Ames Daily Tribune from Ames, Iowa on August 12, 1933 · Page 4
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Ames Daily Tribune from Ames, Iowa · Page 4

Ames, Iowa
Issue Date:
Saturday, August 12, 1933
Page 4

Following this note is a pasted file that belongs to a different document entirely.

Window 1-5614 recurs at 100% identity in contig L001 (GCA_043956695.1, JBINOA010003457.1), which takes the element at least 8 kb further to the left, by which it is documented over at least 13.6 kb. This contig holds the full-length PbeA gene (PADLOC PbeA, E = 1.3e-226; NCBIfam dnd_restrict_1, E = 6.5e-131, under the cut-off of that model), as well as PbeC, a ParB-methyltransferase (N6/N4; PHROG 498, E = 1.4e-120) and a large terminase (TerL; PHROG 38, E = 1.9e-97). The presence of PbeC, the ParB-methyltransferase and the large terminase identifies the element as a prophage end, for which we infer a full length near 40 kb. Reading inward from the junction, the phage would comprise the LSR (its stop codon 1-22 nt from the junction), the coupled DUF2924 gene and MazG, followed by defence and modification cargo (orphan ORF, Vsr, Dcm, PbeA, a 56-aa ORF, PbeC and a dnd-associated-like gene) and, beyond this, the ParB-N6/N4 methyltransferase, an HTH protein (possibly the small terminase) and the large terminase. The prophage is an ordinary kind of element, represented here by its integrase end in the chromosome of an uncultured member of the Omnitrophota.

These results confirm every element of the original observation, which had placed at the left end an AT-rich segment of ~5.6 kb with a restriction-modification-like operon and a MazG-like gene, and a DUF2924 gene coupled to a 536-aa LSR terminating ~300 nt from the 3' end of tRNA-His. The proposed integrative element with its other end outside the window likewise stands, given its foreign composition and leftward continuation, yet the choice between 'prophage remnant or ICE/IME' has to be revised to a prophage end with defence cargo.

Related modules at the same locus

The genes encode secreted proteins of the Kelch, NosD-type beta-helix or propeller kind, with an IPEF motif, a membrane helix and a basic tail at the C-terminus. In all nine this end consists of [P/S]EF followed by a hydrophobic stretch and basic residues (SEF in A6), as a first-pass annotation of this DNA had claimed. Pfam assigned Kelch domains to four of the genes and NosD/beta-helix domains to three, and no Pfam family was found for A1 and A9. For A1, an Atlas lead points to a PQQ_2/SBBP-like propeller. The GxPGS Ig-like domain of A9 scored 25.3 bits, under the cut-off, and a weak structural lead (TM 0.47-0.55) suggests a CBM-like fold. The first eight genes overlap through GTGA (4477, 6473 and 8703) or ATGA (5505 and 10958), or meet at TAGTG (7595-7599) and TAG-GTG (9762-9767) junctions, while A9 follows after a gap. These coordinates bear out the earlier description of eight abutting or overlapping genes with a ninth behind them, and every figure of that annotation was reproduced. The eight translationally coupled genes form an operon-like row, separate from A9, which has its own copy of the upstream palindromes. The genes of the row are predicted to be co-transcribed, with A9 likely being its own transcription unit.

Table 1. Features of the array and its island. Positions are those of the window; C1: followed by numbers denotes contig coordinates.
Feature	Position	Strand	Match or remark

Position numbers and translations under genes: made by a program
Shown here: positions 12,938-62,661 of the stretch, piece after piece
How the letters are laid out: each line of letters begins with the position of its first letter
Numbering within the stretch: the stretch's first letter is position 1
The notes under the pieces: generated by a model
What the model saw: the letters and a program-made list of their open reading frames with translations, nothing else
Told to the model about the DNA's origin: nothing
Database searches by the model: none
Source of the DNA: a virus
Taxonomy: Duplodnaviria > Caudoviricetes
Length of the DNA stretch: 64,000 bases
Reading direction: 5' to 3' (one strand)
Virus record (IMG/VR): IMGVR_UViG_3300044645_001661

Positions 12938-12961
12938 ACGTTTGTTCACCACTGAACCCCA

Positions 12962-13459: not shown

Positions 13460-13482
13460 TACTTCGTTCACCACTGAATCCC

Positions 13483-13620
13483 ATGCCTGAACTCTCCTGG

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ft* Sign Up With NRA Do your duty. Vour help i» needed NOW. MUJion. of men «nd women tumy »uffer thlc win. ter If you Ames Daily Tribune Times STORY COUNTY'S DAILY WEATHEI G«*«r«Ux fair taturday tuAtfay.. Co«l*r. •outh «n<l ««M »*rtl«n , in VOLtJMB LXVH Official Amca and Story County Paper AMES, IOWA, SATURDAY, AUGUST 12, 1933. United Pr«M Wire Service HO.M MACHADO RETIREMENT IS ANNOUNCED AND WEALTHY WOMAN IN NRA Consumers Advisory Board Scene of Struggle WASHINGTON (ILK) — A bitter quarrel within the national recovery administration has arrayed a daughter of wealth against one of America's foremost economists over policies of the consumers' advisory board, it was learned Saturday. The board which was created as an agency of protection to consumers during the recovery program has become the battleground for a. struggle which has reached the point where President Roosevelt may be called upon to make the final 4ecision. .Mrs. Mary Rumsey, daughter of the late railroad magnate, E. H. Harriman, is chairman of the board. She is a handsome, smartly gowned and charming woman who brought her Jimousine and liveried chauffeur to Washington and has undertaken a task somewhat foreign to her background of wealth and ease. Prof. William P. Ogburn. tall and distinguished sociologist and economist of the University of Chicago, was a member of the board and in attempting to contribute the experience of a long career of social studies and factual research in costs and methods of living, found himself in \ disagreement with Mrs. Rumsey's ideas. Demands Removal Weeks of working at cross- purposes came to a climax this week when Mrs. Rumsey demanded Ogburn's removal. She was successful. Secretary of Commerce Roper notified Ogburn while he was in Chicago that he was being transferred to the central statistical board, a new /act-finding agency created Cuba in Grip of Political Strife Crimson pools in a side street of Havana give mute testimony to' the sanguinary massacre that occurred near the presidential palace when guards fired on demonstrators celeb'rating a report that President Machado had resigned. Here natives stafcd in awe-stricken silence at the spot where several of their countrymen fell. , Coal Hearing Atmosphere Is Tense, Bitter WASHINGTON, (UJK)—Hearings on proposed codes for the bitumin. ous coal industry progressed Saturday in a tense and bitter atmosphere pointing toward a showdown on the -"company union" issue in which President Roosevelt may be called upon to exercise his most drastic powers under the national recovery act. Operators opposed to organized labor remained firm in their stand against any code which would permit employes to join unions other than those sponsored by the coal companies. Recovery .f Administrator Hugh recently. by e/scwrWo'e • order of Mr. Rooievelii Ogburn;'does*not intend to be otiEted without a struggle. He is arriving in Washington Saturday from Chicago to force a fchowdown., ^ Some Mpfe has been held that •the quarrel might be patched. But the split has grown so wide, with factions, in the NRA lining up on either side—the preponderance of support going to Dr. Ogburn—that it appeared a clean cut decision must be made one i way or the other. - i In addition to. the personal elements, there is also a question of politics. Mrs. Rumsey was a heary contributor to the Roosevelt campaign fund. Ogburn has been active in republican administrations as well as the present one. Politics. So Part Administrator Hugh S- Johnson said only this week that politics was playing little or no part in the NRA and. a personal capability and not .his party was the deciding'factor. The consumers' board was named as a companion agency to the industrial and labor advisory . boards. It. was a three- way sef-up designed fo give representation to every phase of American life. The labor board, headed by Dr. Leo Wolman, has been the spearpoint of labor's participation in the new deal. The industrial board, whose chairman is Walter C. Teagle, has been busy in -industry's behalf. . But the consumers' board, representing the persons who are expected ultimate^ to pay the cost of the recovery program from purses strengthened by more prosperous conditions,, has been tied into comparative inactivity by internal dissention. Sheriff Mows Down 2 Killers In Kansas; City KANSAS CITY. Mo. (UP)— Gangland revenge turned suddenly and spectacularly into a boomerang of death Saturday when three men were slain on the street in front of the elite Stuben club on the south side. One man was "put on the spot." Two were shot to death by a sheriff who coincidentally drove by the scene while machine gun- bullets still were whizzing thru the street arrested. GET $10,000 GRACEVILLE, Minn., (UJE> — Four men robbac! the Graceville National-bank of $10,000 cash and securities Saturday. They escaped in an automobile which had been parked in the rear of the band to avoid arousing suspicion of the townspeople. Test Your Knowledge Can you answer seven of these test questions? Turn to pane 5 for the answer*. 8 1. What is the Kohinoor diamond? 2. Name the capital of the Province of East Prussia. 3. Who is the Greek God of Dreams? 4. Was Napoleon a tittle or the first, name of Bonaparte? 5. What Is n Wallaroo? B. What university is lorstcrl in Cambridge, Mass.? 7, What is Camelot? * S Where is the city of \Vala Wala? i. What arr the, three main div- Is'ors of llr 1 huninn mcc? 10. Whirl) i*" h'fjvip,. ar i(j hurd- du, ulaHniim or gold? Returning from a garden party. Sheriff Thomas B. Bash heard the roar of guns. He saw a man ..running on the sidewalk, exchanging gunfire with three others in an automobile. Seizing a riot gun in his car, the sheriff shot to death two occupants of the automobile and captured the third. Police identification, which officers said was not yet positive, named the ^victims as: Ferris Antone or Tony Ahthon, ie "spot" victim; Sam Scola/ also known as Sam Hogg, driver of the death car, and Gus Fasoni, -known as Stiene, also in the car. A man identifying himself as Charles Gargotta was arrested and held as the third occupant. Police said all the victims were recognized as well-known "night club racketeers." ' .The motive for Anthon's slaying was lost in a maze of underworld activity and secrecy. Scores of shots rang out in the early * morning, ripping thru STORYOFC1A REVOLT RELATED Anti - Machado Movement Spreads HAVANA tl!.E) — The dramatic story of the army .revolt against President Gercrdo Machado and of his pathetic clash to the central army camp to plead for support, was told Saturday in a series of United Press interviews with re- parked automobiles, endangering ' lle volt leaders. .Thursday a. ..small jgroup.vof officers at the Central camp. Coftimbla, went to their commanding officer, Colonel Castillo, and said they thot Machado should resign. Captain Mario Torres Menier. commander of the army air field at Columbia, told of Friday's events.-, "Practically; " the entire army united and"gave President Machado until' noon today to get out," he said. -": -~ - ' "The first battalion at Castillo De La Fuerza started the movement. They invited other units to join, and ask "Machado for his resignation, in order to avoid any bloodshed and any skirmishes between army units for and'against him. "The air force here decided -t once to join, i was delegated to advise the president what we were doing. He had learned of the revolt and by that time had reached Columbia. I went there and explained the views of the air force. "The Camp Columbia adjutant said that he agreed,, and the president realized that a ' branches of the army were against him. He said transfer his mandate to Ames Babies In Iowa State Fair Contest Ames .will be well represented in the annual contest to choose the baby health champion of Iowa at this year's Iowa State fair in D?s Moines, according to the final list of entries made public today by fair officials. In:luded in the list of contestants for _.state baby honors are the following local babies: Dewey .Charles, son-of Mr ; and Mrs. C. L. Fitch-, 420-Aslr avenue.; Robert Roland; gOjjv of,' Mr. and Mrs. "D, C. Peterson>, 526-;W., tin- coin; Way; John Thomas, son of Mr. and Mrs. Albert; Wilkin, 104 Beach ave.; Betty Jan, daughter of Mr. and Mrs: 'F. A. Hseming, 1002 Carrbll ave.; Constance Ann, daughter ;of Mr. .and Mrs. C. R. Durlanfl,. 6t)S -Clark: Joyce Ann, daughter.'of Mr. and Mrs. D. W. Gray,-2905 Wood st.;.Barbara Ann, daughter "of .Mr. and Mrs. M. E. (Continued on'Page Five) Johnson insisted he would permit no qualification of sections of the recovery law which guarantee labor the right to organize and bargain collectively in any manner it chooses. : It seemed eitremel? unlikely that any agreement could be reached during the public hearings on the proposed codes. In that event. President Roosevelt, might find it necessary to prescribe terms of the code and to license bituminous operators in an effort to enforce it. It is believed such action would lead to a court test of the president's power under the recovery act. ' , -• I342.450F MY occupants of nearby buildings and drawing, a throng of excited spectators. DUBLIN, <t!E>—President monn De Valera, meeting a fascist challenge to his government and the present parliamentary system, Saturday invoked the grim public safety act which gives him power to execute summarily state enemies. Resort to the act automatically banned a fascist blue shirt parade scheduled for Sunday which General .Owen O'Duffy, fascist leader, had said frankly was an effort to recruit men to.aid him in establishing a new and "truly democratic" system of government. O'Duffy said he meant to abolish political parties and parliamentary voting districts and arrange for representation in parliament by classes—agricluture. science, labor, education and so forth. Both he 'and former President William T. Cosgrave denied they planned an open revolt. Sioux City NRA Committee Takes Down Blue Eagles SIOIT' CITY (U.W—Members of the local NRA committee twice have shown their insistence, that merchants abide by all provisions of the new industrial codes. The blue eagle insignia in the Standard Oil company of Indiana office and in (lie. Chesson Iron company plant was torn down by members- of th* 5 committee. They alleged that, altho (Vie oil company had signed the. blanket code, station attendants working on a commission basis nvfilvc lean than the minimum pay specified, mid (hat iW Iron works spd to flhortni working boiirs for ..0 nriployna to meet require, msnte. someone else. Hcd we gave him until noon Saturday to do so. •He received the news with -stoic calm. He said he wanted -a strictly Cuban solution", without fighting among Cubans. He excused himself and consulted Central Herrera. He returned and said: " 'You may now return to your organizations and be confident that this will be settled In such manner as to cause no aspersion* to fall . (Continued on Page Two) DES MOINES, ttlE>— -Fair weather with slightly . cooler temperatures were expected to prevail over the state .Sunday. Temperatures which reached a high of 94 degrees at Sioux City Friday were expected to stay below the 90 degree mark over the week-end. -According to Federal Meteorologist Reed, . the lowest temperature Saturday morning was 54 degrees at Inwood. Three stations- reported light precipitation during the last 24 hour period with Waterloo .05 inches, Cedar Rapids .04 inches and Davenport .01 inches. Weather Perfect In Ames Saturday Perfect mid-summer weather was n evidence in Ames Saturday with clear skies, a brisk northwest breeze and moderate temperatures. The barometeY, however, was standing at at lower level than on Friday. Temperature readings at the niu nicipal light plant were: Friday, 2 p. m., 88; 8 p. m., 90; 4 p. m., 92; 5 .p. m., 92: 6 p. m., 90; 7 p. m., 85; 8 j». m., SO; 9 p. m,, 77; H) p. m., 76; .11 p. m.. 75; 12 p. m., 7S; Saturday. 1 a. m., 7fi; 2 a, in., 77; 3 a. m., 77; -la. m., 77; ,i n. in., 76; fi a. in., 75; 7 n. m., 7-1; S n. m., 71; 9 «. m., 7fi; 10 n. m., SO; II n. m., R2. The .city of Ames received the argest amount of money ^'••representing its share of the" cash income of the Ames, municipal court n July of any previous month Eince November 1931, it is revealed in the monthly report of L. E. Thomas, clerk of the courtv filed 'this week., ' • -' : : . -.'..•. The amount going,/to'the city treasurer from the court for July was ,$342.45,.-as compared with $259.45 in June; $317 ; 45 in June 1932, and $364.85 in November 1931. Only once in the 20 months intervening did the amount go above $300> Total cash;income of .the court for-July was-$567.30, classified as follows:-paid on fines in city ordinance cases, $200.30: paid on costs in ordinance cases, $40.35; paid on fines in state cases, $20; paid on costs in state cases, ?148.SO; refund, $1.15; paid pn costs in civil cases, $156.70. These amounts were disbursed as follows: paid on warrants for fees, etc., $204.85;'state fines paid to county treasurer. $20; paid to city treasurer, $342.45. ^ T _ f* v Leisure Will Be Discussed Before Open Forum Mon. "The New Age of Leisure" will be discussed at the Iowa State college open forum Monday evening at'7:15 in Great hall of the Memorial Union. Prof. J. A. Starrak of vocational education has organized a group of people representing various in teresls to discuss the question. A clergyman, a sociologist, a parent and one or two other, persons are American Legion Gala Day Thursday JEWELL—What is expected to be the biggest .O3lehratibn ever to be held in this community is scheduled for Thursday at Veterans' Memorial park here. The occasion will be in the nature of another American Legion gala day, sponsored by the local Hawkeye post. The forenoon, afternoon and evepTng will^e, full of entertain-mint, arranged by the Legionnaires, and 87 business and professional firms and organizations cooperating .in- offering the event, without charge to those who will he Jewell's guests that day. Fred C- Gilchrist, United States congressman from the eighth district,, and Dan \V. Turner, former governor of Iowa, are to be the apeakers, GilchriEfc speaking a 1:30. in the afternoon and Turne at 8 o'clock in the evening. Music will be furnished by tw bands, the Jewell -municipal juve nile band of 30 pieces playing c: i the forenoon and afternoon an the. famous Hamilton county 4-1 club band of 65 pieces playing;;! the evening. Both organization are 'under the baton .of/Wesley-'L Schaub. of.--Webster-.•City. Twp fast baseball teams. Stan hope and Williams,; are to clas: at 3 o'clock. Curtisl and Curtis o Webster City officiating. . • A horseshoe tournament begin early .in ithe.moining: and a trap sho'ot Is to he conducted under th direction of the Jewell Gun club beginning at 10 o'clock. W. S Hoon, class "A" champion and a former state champion and nation ally known to trapshooters and sportsmen generally, is a member of the Jewell club. A tug. of v:ar between two town (Continued,on Page Time) EXTRA! Mobs Loot Capital of Cuba, Machado Palace, Paper Raided HAVANA, Cuba (UP)—Havana wreaked the vengeance of /ears on President Gerar'do Machado Saturday, wrecking and jurning .establishments connected with his regime after the Huban president had asked for a leave of absence and arrangements had been made for a HCAV regime satisfactory to NOT SETTLED he opposition. Within a few minutes after it was announced that General 3errera, a Machado follower, would become president ad in- :erim to serve only a few hours and be succeeded by Carlos \Ianuel de Cespedes, crowds began to grow violent. Machado, under escort of machine gunners, was driven from he city as mobs looted the presidential palace, destroying /aluable works of art and furniture. A crowd of 1,000 looted he offices of the Heraldo, Machado newspaper, destroying inotype machines and setting fire to.,the building. Col. Antonio Jiminez, notorious chief of the secret police, vas shot dort'n on the street in a gun duel with army men. lis body was borne aloft on the shoulders' of the triumphant nob. • BALBO FLEET ON LAST PASSAGE OF FLIGHT TO included, follow. General discussion will Kvl<liij> 02 r|p?ir< :", •( to .'.::'.". n r,;., mini Saturday, 7u doereefl, 6:80 The issue is pertinent now because of the additional leisure thrust upon so many people. Three Are Killed In Train Wreck PHILADELPHIA (U.P) — Three persons were killed and a half dozen others were injured Saturday when a passenger train of the Pennsylvania railroad was wrecked near Salisbury. Md. Those killed were Oscar Brown, engineer, Delmar, Del., and two Ames Scouts See Pamted Desert Land Camped - on . the edge of the Painted Desert, bound for the Grand Canyon! That was the message written three days ago and received by the Tribune-Times Saturday morning from the party of Ames boy scouts who are on the second half^/of a month's tour of the scenic southwest. The message read: "August 9. Visited an ancient Zuni-Pueblo village yesterday. The village is set in a circle of sand and limestone mesas. Houses are, made of adobe and red sandstone. Most of them are one-story. We saw one in process of construction Only tools used were hammer and shovel. "The wom.-n appeared to be busier than the men- They were chopping wood, carrying water. butchering beef and baking bread. They bake their bread in large beehive ovens ri-.adc o" adobe. The women and children wear bright colored shawls and we don't know how many drcssps. We induced some of the Ind'ans to pose for pictures, but we had to sneak up on some of the reluctant ones. "We are camped mow on t>e edae of the Painted DPSPI-I of *-llfcl Ill-^l , J.'UI1I1«I, UUI., rtllU L V* U Pt-a .1 « , unidentified trespassers. The rail-P' rana Canyon.' and are soon going to head for ro»d announced they were believed to havo been riding on the train between the engine and tho baggage, roach. fo S:f»i» a. inches at 11 o. m.'flonary, rciullng 1.9 I FUNDS FOR IOWA WASHINGTON. T.Pt -An unenv ployrrl relief grant of fSl<t,l>95 for Iowa wa» sfittonnrPd Saturday hy RHlef Artnilnlslrntnv Hopkins. Th«> «f«fe previously I'- 1 *' received $700,121. 23 Planes Take Off From Portugal , Saturday GIBRALTAR. OLE) — Genera tab Balbo's Italian seaplane fleet passed over Gibraltar at 9:22 a. m Saturday (5:22 a. m. EDT). LISBON, Portugal tt^E)—Genera Italo Balbo and his fleet of 23 sea planes took off Saturday for Ostia he port of Rome on the Tiber riv er.'to receive-a triumphant welcome after their double " trans-Atlantic flight.. .,. . '.._.. .... General Balbo, leading?*the.arma da, left the water in his plane at 6:10 a. m. (2:10 a. m. EDT) and the last plane rose at 6:40 (2:40 IDT). The crews went to bed at 9 o'clock Friday night at Balbo's order, in order that they should have sufficient rest for the 1,200 mile flight across Portugal, the Mediter ranean and Tyrrhenian sea to Ostia, 15 miles down the T$>er from Rome. Balbo, accompanied by the Italian minister, left his hotel at 4:40 a. m. and proceeded to the Terreiro Pacp...pier.where thousands of the populace waited to* bid him and his men farewell. He entered a motor boat, followed by his aides. : Their departure 'for home after a historic flight to the nited; States was saddened only by accidents' at Amsterdam and Ponta Del Gada, Azores Islands, where in each case a seaplane capsized 'and also in each case one man was killed. The sun was just rising when -Balbo's plane took off from the river Tagus after taxiing 400 yard! The other two planes in his flight went with him, and the other groups of three followed with perfect precision at five-minute intervals, amidst the cheers of passen- :ers from sightseeing boats. /" They disappeared to the southward in perfect formation. Baibo took the longer course down the Portuguese coast and eastward thru the straits of Gibral- ar and across the Mediterranean in order to keep above water all the time. His route was about 1,200 miles. Milk Producers * In Connecticut Begin Holiday Food Industry Chief Named James D. Dole, above, owner o the world's largest pineappl plantations and canneries in Hawaii, has been'named chief o the new *ood products section I: the processing and. marketing di vision of the agricultural adjust ment administration. ELEVATORS Act .Conflicting With State Laws CHICAXK) (tt.E>—Frank Theis chief -administrator, of whea' processing and marketing under the new agricultural "relief act planned to return to Washington Saturday with the facts on which four northwestern states have based a protest against.op- eration of the new law. Representatives of Minnesota, Montana and. North and South Dakota warehouse commissions and elevators explained to Theis at an open hearing how provi- ions of the act had resulted in ;cores" of elevators in the northwest filling their bins to capacity without being able to ship it to erminals for storage. Under the provisions of the Civilians, Army Won't Accept Alberto Ferrara • HAVANA, Cuba <UJ?) — The Impending retirement of President Machado from the presidency of Cuba was announced officially Sat. urday. The question of the successor- ship to the presidency appeared to be still unsettled. The state department issued th« following statement which was also presented to the foreign, diplomatis corps: "President Gerardo Machado will send a message to congress Saturv jr day morning soliciting leave of absence which will follow his resign nation. The secretary of state had previously resigned but will, continue at the state department uatfl his successor is appointed." Machado left the palace iho tly, before noon for his ranch aceom* panied by two truck loads of soldiers with machine, gyns ant it was reliably reported that he. had delivered to Secretary of State Ferraro a message to congress Mb Ing authorization for him to tak« a "vacation" from the presidency. The victorious Cuban army and! civilian opposition groups united Saturday on a determined fight "to prevent choice of the war ministry, Alberto Perrara, as Machado's successor. The few high army officers who remained loyal to Machado w?r« displaced from their command Saturday and anti-Machado men took full military control. Progress For U. S. Ambassador WASHINGTON flUR) — America official circles Saturday believed the definite withdrawal of General Gerardo Machado from the presidency of Cuba was a^jnatter of 'hours. • If Machado surrenders the office he has held for nine years, his action will represent progress in ambassador Sumner Welles' effort to unite the warring political factions of Cuba behind a strong but benevolent government. Withdrawal of Machado was considered'by the state department as an imeprative prelude. Welles telephoned Assistant Secretary of State Caffery summarizing the fast-moving 'events in Havana. In general, tit'was understood to be similar to press dispatches, telling of the army's revolt and its ultimatum to Machado-to withdraw by noon today. • Officials said they could foresee no reason why Machado should not be permitted to enter this' country in event he should desire to seek refuge here. ' American officials said they , had no choice among Machado's possible successors, providing only that the" man be strong enough to end Cuba's political strife and establish .an fffectiy* government. HARTFORD. Conn. (UJ!) Between 10,000 and 12,000 Connecticut milk producer;- will participate n a milk holiday called early Saturday by the Farmers National association. The strike begins at 6 p. m.. Aug. 17. The strike call was unexpected as it had been generally understood a basic program had been agreed upon paving the way for early settlement of differences over price increases, disposition of surplus and hauling contracts. The demands of the producers, as outlined in a resolution prepared y Dwight Wadhams of Bloomfield, provided: • Establishment of a production luota plan, l>asrd on the produe- ion of the previous year and estimated needs of dealers for the oming year. All surplus lo tie hold at public uction to the tiiRliost. bidder, with Oo[terativ<> fanners' plants givon reference whero bids arc equal. Hauling contracts to be let at ubllc blddine whenever two thirds f the producer.-: on any one route bieet to transportation charges. The producer; have Insisted that ho spread to tlir dealer, about five 'nfs a nunrt, Is loo high and that hlle the farmer receives slightly of 7 i-iMitA. lih RdMial mm. docs HOI rN p "fV(i 4 c^fits, ftfr hauling charge are depicted. ct, as explained by Theis, grain may not be removed from ele- ators until the warehouse receipt has been 'cancelled. This, he said, is in conflict with the state laws and it is to reconcile this conflict that the hearings were held. Evidence will be taken .to Washington to be studied by the legal advisors of the agricultural administrator. Simultaneous with the warehouse hearings - a meeting of country elevator operators was held at which plans were laid for drafting a code. Leaders said the code would be completed Saturday and submitted to the administration early next week. Roosevelt Follows Developments Aboard Presidential Train, EH Route to Harrisonburg, Va. OLE) —-Even during travel^-President loosevelt maintained his intense nterest in Cuban political developments Saturday. He was cnown to feel that continued un- est there and the discussions .of American intervention, menaced his Latin-American policy. Altho his program called for he inspection of three civilian conservation camps in the Shenandoah valley, the chief eiecu- ive planned to communicate requently with the state department to learn latest developments. He was so engrossed in Cuban eports that it was after midnight before he retired to his tateroom in the private car vhich he boarded at Highland, s'. Y. Before he. left his summer ome at Hyde Park he instrnct- d the state department to for(Continued on Page Two) KILLED IN BRAWL LONDON MILLS. 111. <U.R> — Ill- feeling between warring factions of coal miners claimed the life of John Hiltrope. 27 year old Middle Grove miner, Saturday. He was shot thru the heart in a cafe bra.vl. Authorities held William Gregg. United Mine worker in w^hose soft drink parlor Hiltrope was killed, Cragg's wife, and Murle Tucker, all of Karmington. The latter told police he fifed two shots into the air In an attempt to qurll the dis- urbance. ASKS PEDERAL HELP TKRRK HAUTE, tad. O>-~Federal assisti'iu-p in halting violence n the I'niversRl coal region was askf d of (ion. Hugh Johnson Friday hy Vein Hrnnrt!, president of .he Associated Miners of Indiana. Dennett tPlrcr''flph"'l details of tlio rr»n irov'-'i in Jnhnfon In ton. I), r. AUNT LINDY SAYS- When the young mother looks at her baby boy, she thinks what & Jong time until he becomes , president and it'i msueily I longer than she thinks j